Symposium hosts unprecedented number of air chiefs from across the Indo-Pacific

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  • Pacific Air Forces Public Affairs

Air chiefs and leadership from the Indo-Pacific region gathered for the 2019 Pacific Air Chiefs Symposium at Headquarters Pacific Air Forces Dec. 3-6, jointly hosted by U.S. Air Force Chief of Staff Gen. David Goldfein and Gen. CQ Brown Jr., PACAF commander.

Under the theme “A Collaborative Approach to Regional Security,” Brown opened the event highlighting the importance of a mutual understanding of common issues and challenges; and enhancing capabilities, capacity and interoperability.

“The premise of the symposium is a common belief among our allies and partners that collaboration is required to meet the regional challenges that have global effects,” he said. “From cooperation to conflict, we are stronger together. Uniting our shared values, interests and security. We stand together to preserve peace and stability in the region.”

This year’s event marked the 11th Pacific Air Chiefs Symposium, and by far the most heavily represented, indicating several things according to Brown, “…a growing interest to find collective solutions to common problems; a mutual respect we have for each other; and the commitment our nations have to maintaining peace and stability within the Indo-Pacific.”

For many, the symposium served as a reunion of friends who have engaged together regularly over the course of a year and, for others, a new beginning as they were meeting for the first time.

Nations represented included Australia, Bangladesh, Brunei, Canada, France, India, Indonesia, Japan, Malaysia, Mongolia, New Zealand, the Philippines, South Korea, the Republic of Singapore, Sri Lanka, Thailand and Vietnam. Attendance also included 15 U.S. air attachés from across the region, whom Brown credited for their daily efforts to forge relationships throughout the region.

The dean for PACS19, Philippine air force commanding general Lt. Gen. Rozzano Dosado Briguez provided a presentation at the beginning of the symposium to initiate discussions among the attending air chiefs.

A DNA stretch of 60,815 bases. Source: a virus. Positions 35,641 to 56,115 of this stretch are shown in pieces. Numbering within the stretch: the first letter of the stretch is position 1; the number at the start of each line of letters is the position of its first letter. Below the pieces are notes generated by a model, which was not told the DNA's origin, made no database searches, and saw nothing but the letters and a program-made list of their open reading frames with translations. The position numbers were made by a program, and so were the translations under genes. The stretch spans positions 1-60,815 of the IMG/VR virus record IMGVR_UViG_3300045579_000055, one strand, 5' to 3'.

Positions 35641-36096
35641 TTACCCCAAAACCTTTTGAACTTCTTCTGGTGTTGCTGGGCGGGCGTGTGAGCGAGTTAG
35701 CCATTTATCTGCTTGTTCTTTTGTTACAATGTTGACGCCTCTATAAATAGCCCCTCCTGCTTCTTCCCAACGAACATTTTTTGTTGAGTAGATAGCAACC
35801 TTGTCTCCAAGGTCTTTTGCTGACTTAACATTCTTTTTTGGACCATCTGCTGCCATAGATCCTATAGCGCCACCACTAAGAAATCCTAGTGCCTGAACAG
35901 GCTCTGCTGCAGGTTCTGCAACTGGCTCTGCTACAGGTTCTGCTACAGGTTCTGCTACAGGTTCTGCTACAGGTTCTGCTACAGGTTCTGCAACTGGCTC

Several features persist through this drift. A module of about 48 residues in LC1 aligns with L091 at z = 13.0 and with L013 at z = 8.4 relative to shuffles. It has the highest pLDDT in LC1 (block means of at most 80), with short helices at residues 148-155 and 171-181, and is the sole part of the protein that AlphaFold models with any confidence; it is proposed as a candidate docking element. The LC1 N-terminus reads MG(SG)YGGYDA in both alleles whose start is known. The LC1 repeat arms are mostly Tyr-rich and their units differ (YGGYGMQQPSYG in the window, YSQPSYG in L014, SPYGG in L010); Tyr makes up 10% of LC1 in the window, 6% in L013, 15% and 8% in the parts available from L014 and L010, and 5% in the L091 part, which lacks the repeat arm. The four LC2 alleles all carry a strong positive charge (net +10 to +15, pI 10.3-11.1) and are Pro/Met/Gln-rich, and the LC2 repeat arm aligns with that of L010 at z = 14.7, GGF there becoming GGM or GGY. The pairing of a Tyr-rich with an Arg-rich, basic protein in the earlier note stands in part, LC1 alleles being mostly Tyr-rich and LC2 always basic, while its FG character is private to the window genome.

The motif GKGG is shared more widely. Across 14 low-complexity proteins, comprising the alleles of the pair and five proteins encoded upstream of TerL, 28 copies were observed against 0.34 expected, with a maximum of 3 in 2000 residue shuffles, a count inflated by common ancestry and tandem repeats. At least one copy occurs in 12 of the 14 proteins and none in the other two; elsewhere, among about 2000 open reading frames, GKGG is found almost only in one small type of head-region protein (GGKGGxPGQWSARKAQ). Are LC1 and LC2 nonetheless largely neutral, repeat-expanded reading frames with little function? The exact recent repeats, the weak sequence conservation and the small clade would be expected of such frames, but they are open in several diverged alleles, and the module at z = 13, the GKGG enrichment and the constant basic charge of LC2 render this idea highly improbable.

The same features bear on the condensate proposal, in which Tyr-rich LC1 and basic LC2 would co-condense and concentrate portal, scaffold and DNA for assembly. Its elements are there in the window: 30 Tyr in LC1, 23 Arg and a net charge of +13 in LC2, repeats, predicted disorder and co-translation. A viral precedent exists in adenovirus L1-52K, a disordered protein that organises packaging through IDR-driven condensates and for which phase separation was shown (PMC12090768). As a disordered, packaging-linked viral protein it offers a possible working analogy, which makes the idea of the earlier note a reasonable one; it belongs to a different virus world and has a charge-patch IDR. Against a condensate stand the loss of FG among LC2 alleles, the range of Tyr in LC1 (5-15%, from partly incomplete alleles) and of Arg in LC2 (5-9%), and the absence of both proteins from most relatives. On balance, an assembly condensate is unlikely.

“I believe that having this symposium and other forums is to build trust, to build confidence, to build friendships … so that when we ... go to some missions together, it (will) be easy,” Briguez said, “because of the personal ties, the professional ties and the ties that bound our organizations together is there already.”

Goldfein echoed the importance of regular engagements like PACS in cultivating and sustaining trust, stating, “No matter the distance between point A or point B, it’s the trust we build between our partners that helps us to provide the security and stability within the region.”

In addition to hosting an unprecedented number of air chiefs, representing one million airmen around the globe, the four-day symposium featured more than 50 bilateral engagements and three multilateral dialogues, five multinational panel discussions and several social engagements.

“If you look at the key topics around humanitarian assistance/disaster relief, domain awareness, multi-domain operations and regional security – these things affect all of us,” said Air Vice Marshal Andrew Clark, Royal New Zealand air force chief. “So the more brains, the more senior brains, discussing those things the better.”

The symposium was structured for collaboration through formal discussions and panels that focused on regional security, domain awareness, multi-domain operations, interoperability and humanitarian assistance and disaster relief (HADR) blended with social activities to provide relationship building opportunities.

“Whatever we face, I have a friend who can support me,” said Brig. Gen. Enkhbayar Ochir, Mongolian air force commander. “I’m confident that no matter the situation we can cooperate.”

During the panel dialogues, air chiefs discussed tangible means to move forward on cooperation and engagement, focusing on turning risks into opportunities to enhance relationships and interoperability.

“If you know who it is that you are speaking with at the other end of the phone call, it makes it a lot easier for us to talk about doing things together, whether it is for HADR for example or for certain deployments,” said Maj. Gen. Kelvin Boon Leong Khong, Republic of Singapore air force chief.

For Kelli Seybolt, U.S. Air Force deputy undersecretary for international affairs, PACS offered a unique opportunity to help formulate how broader U.S. military efforts can work in support of shared challenges and interests.

“The real magic happens when we can work together to develop capabilities,” she said. “All of these pieces help build meaningful, comprehensive partnerships … connecting it all together hopefully improves security for us and our partners, as we seek a free and open Indo- Pacific.”

The first Pacific Air Chiefs Conference was hosted in 1989, with six countries attending – Australia, Brunei, Japan, Malaysia, the Philippines and Singapore. Additional iterations took place every other year from 1992 to 1996, in 2006, then again every other year from 2009 to 2017. In 2014, the name was officially changed to “Pacific Air Chiefs Symposium,” or PACS.

This year’s title remained unchanged, however, Goldfein cast a vision during his opening remarks for this year to be more than just a number, but something truly special.

“There’s a difference between an event and an experience,” Goldfein said in closing. “An experience is something where we all gather together, we have a good discussion and we look at each other and go, ‘that was really special’… This… was an experience.”